SDF-1 belongs to the CXC chemokine family and is a ligand for CXCR4 (24, 25). SDF-1 was initially cloned by Tashiro et al. (26) and later identified as a growth factor for B cell progenitors, a chemotactic factor for T cells and monocytes, and in B-cell lymphopoiesis and bone marrow myelopoiesis (24, 27–28). Most of the chemokine receptors interact with pleural ligands, and vice versa, but the SDF-1/CXCR4 receptor ligand system has been shown to involve a one-on-one interaction (29, 30). Recently, several studies have been conducted to detect the mRNA expression of CXCR4 and SDF-1 in solid tumors. The results are not uniform, and the relevance to cancer progression is not determined (31, 32). Sehgal et al. (31, 33) concluded that CXCR4 plays an important role of proliferation and tumorigenic properties of human glioblastoma tumors. Muller et al. (34) have reported that SDF-1 signaling through CXCR4 interaction appears to determine the directional migration of breast cancer cells through the basement membrane. Furthermore in vivo, the interaction between SDF-1 and CXCR4 significantly represses the metastatic potential of breast cancer cells to lymph node and lung. Barnard and his colleagues (35, 36) showed the contrary results that CXCR4 mRNA expression was reduced in hepatocellular carcinoma tissue when compared with noncancerous tissue, but was not changed in colon, esophageal, and gastric cancer. They also found reduced mRNA expression of SDF-1 in these malignant tissues (32). Thus, there is a diversity of views on the role of the SDF-1/CXCR4 receptor ligand system in malignant tissues. And such studies are limited in laryngeal and hypopharyngeal cancer.

Since metastasis of laryngeal and hypopharyngeal cancer occur frequently through the lymphatic system, and metastasis is a key prognostic factor for the disease. Evaluation of the relationship between SDF-1/CXCR4 system and metastasis in laryngeal and hypopharyngeal cancer could help us understand whether this system is important in the metastasis of this disease.

We hypothesized that SDF-1/CXCR4 (ligand/receptor) system plays an important role in laryngeal and hypopharyngeal cancer metastasis. To test this hypothesis, we will investigate (1) the distribution of CXCR4 protein expression in cancer and lymph node tissues by means of immunohistochemical analysis of tissue samples obtained from surgical operation, (2) the relationship between CXCR4 expression and clinicopathological findings with special reference to cancer metastasis, (3)the expression of SDF-1 and CXCR4 in the cancer cell lines cells and tissues, (4) the chemotactic activity and the growth-promoting effect of SDF-1 on cancer cell lines cells, (5) the role of Src, MAPK, and Akt signal transduction pathway in this response, (6) the effect of the blocking agent on this response.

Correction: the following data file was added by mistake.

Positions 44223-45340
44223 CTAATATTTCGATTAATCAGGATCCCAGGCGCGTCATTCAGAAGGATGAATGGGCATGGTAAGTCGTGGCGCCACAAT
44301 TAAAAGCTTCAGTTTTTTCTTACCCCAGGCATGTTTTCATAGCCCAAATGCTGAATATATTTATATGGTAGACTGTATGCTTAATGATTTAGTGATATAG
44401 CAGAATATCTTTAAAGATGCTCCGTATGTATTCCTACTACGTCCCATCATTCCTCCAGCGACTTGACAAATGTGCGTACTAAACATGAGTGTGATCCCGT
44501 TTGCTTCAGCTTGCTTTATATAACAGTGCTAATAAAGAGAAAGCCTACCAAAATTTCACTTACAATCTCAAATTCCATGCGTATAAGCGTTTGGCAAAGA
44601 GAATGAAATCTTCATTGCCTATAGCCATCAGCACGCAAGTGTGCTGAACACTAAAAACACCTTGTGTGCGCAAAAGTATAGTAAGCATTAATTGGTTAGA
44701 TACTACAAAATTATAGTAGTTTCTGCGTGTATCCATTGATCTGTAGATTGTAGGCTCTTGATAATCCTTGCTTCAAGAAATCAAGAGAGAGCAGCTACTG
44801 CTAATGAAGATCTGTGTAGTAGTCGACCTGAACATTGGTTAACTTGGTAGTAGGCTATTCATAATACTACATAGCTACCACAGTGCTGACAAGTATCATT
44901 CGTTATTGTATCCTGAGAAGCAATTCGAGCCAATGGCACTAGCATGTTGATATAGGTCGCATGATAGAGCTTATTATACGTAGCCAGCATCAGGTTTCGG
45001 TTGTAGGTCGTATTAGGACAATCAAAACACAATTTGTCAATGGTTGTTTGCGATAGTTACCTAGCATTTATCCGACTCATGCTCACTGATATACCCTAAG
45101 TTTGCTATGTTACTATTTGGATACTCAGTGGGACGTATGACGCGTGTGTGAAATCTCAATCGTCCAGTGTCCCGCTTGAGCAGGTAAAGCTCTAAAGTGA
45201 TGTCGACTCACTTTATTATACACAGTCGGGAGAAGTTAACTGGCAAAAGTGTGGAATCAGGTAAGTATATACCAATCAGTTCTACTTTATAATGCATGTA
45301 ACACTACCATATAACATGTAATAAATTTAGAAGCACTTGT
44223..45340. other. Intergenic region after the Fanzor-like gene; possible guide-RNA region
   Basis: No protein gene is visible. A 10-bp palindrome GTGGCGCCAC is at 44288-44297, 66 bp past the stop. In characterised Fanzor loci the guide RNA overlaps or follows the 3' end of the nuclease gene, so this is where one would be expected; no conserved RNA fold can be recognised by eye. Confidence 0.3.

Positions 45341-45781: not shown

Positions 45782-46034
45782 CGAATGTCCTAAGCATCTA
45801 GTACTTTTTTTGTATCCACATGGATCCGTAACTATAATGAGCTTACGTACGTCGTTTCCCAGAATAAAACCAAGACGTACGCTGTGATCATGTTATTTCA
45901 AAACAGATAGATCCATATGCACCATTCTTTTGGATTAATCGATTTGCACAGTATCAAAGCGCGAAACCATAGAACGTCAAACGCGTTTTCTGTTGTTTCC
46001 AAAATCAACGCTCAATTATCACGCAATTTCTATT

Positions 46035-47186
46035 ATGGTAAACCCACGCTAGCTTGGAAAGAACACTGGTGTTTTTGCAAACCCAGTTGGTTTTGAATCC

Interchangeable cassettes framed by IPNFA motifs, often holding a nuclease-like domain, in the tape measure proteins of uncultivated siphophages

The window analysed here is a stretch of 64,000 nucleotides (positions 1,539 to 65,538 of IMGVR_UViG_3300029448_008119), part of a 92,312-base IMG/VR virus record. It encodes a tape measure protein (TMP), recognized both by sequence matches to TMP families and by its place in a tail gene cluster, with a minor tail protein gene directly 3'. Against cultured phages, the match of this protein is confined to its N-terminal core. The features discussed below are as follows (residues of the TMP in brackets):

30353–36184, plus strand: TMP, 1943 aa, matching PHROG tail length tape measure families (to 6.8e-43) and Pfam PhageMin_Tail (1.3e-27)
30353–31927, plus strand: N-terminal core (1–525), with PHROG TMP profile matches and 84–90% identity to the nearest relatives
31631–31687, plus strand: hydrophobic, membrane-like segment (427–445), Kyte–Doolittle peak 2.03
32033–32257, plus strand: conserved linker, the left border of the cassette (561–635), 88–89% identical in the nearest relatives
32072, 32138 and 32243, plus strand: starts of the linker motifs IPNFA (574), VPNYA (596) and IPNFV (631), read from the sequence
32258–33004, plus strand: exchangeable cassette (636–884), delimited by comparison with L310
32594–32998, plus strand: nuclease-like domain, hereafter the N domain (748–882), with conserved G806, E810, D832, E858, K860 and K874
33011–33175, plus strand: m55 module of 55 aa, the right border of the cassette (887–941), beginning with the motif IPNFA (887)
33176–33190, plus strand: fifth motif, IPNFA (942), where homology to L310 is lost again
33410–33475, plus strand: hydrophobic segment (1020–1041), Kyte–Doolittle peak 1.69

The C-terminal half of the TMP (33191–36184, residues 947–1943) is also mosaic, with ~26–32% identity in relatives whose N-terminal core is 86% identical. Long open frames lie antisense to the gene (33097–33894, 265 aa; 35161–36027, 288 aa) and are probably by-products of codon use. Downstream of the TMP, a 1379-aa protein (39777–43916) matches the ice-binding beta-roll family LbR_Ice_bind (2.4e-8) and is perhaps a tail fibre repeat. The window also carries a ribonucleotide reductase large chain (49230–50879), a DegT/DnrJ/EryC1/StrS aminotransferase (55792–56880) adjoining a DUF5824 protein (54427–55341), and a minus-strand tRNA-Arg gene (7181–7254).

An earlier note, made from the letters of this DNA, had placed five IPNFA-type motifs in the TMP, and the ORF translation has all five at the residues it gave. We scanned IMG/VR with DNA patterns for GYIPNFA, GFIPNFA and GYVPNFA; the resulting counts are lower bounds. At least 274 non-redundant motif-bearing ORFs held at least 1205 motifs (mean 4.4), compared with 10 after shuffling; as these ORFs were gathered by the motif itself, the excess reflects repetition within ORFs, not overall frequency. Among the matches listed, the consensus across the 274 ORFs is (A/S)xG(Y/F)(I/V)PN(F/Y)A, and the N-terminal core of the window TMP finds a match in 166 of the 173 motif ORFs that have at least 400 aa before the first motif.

Undoubtedly, the findings of this study will help us understand whether SDF-1/CXCR4 system could be a focal point of anti-cancer research. If laryngeal and hypopharyngeal SCC that express high levels of CXCR4 show a consistently higher incidence of lymphatic and distant metastasis, then blocking SDF-1/CXCR4 signaling may be a novel approach to inhibit metastasis in these patients. The development of SDF-1/CXCR4 system antagonists will provide opportunity to improve the survival rate.

  Eligibility

Ages Eligible for Study:   30 Years to 75 Years
Genders Eligible for Study:   Both
Accepts Healthy Volunteers:   No
Criteria

Inclusion Criteria:

  • laryngeal and hypopharyngeal squamous cell carcinoma

Exclusion Criteria:

  • other pathological type
  Contacts and Locations
Choosing to participate in a study is an important personal decision. Talk with your doctor and family members or friends about deciding to join a study. To learn more about this study, you or your doctor may contact the study research staff using the Contacts provided below. For general information, see Learn About Clinical Studies.

Please refer to this study by its ClinicalTrials.gov identifier: NCT00302562

Contacts
Contact: Ching-Ting Tan, MD, PhD 886-2-23123456 ext 5222 christin@ha.mc.ntu.edu.tw

Locations
Taiwan
National Taiwan University Hospital
Taipei, Taiwan, 100
Sponsors and Collaborators
National Taiwan University Hospital
Investigators
Principal Investigator: Ching-Ting Tan, MD,PhD National Taiwan University Hospital
  More Information

No publications provided

ClinicalTrials.gov Identifier: NCT00302562     History of Changes
Other Study ID Numbers: 9461701234
Study First Received: March 12, 2006
Last Updated: March 12, 2006
Health Authority: Taiwan: Department of Health

Keywords provided by National Taiwan University Hospital:
laryngeal cancer
hypopharyngeal cancer
CXCR4
CXCL12
matrix metalloproteinases(MMPs)
metastasis

Additional relevant MeSH terms:
Hypopharyngeal Neoplasms
Head and Neck Neoplasms
Neoplasms
Neoplasms by Site
Otorhinolaryngologic Diseases
Otorhinolaryngologic Neoplasms
Pharyngeal Diseases
Pharyngeal Neoplasms
Stomatognathic Diseases

ClinicalTrials.gov processed this record on October 23, 2014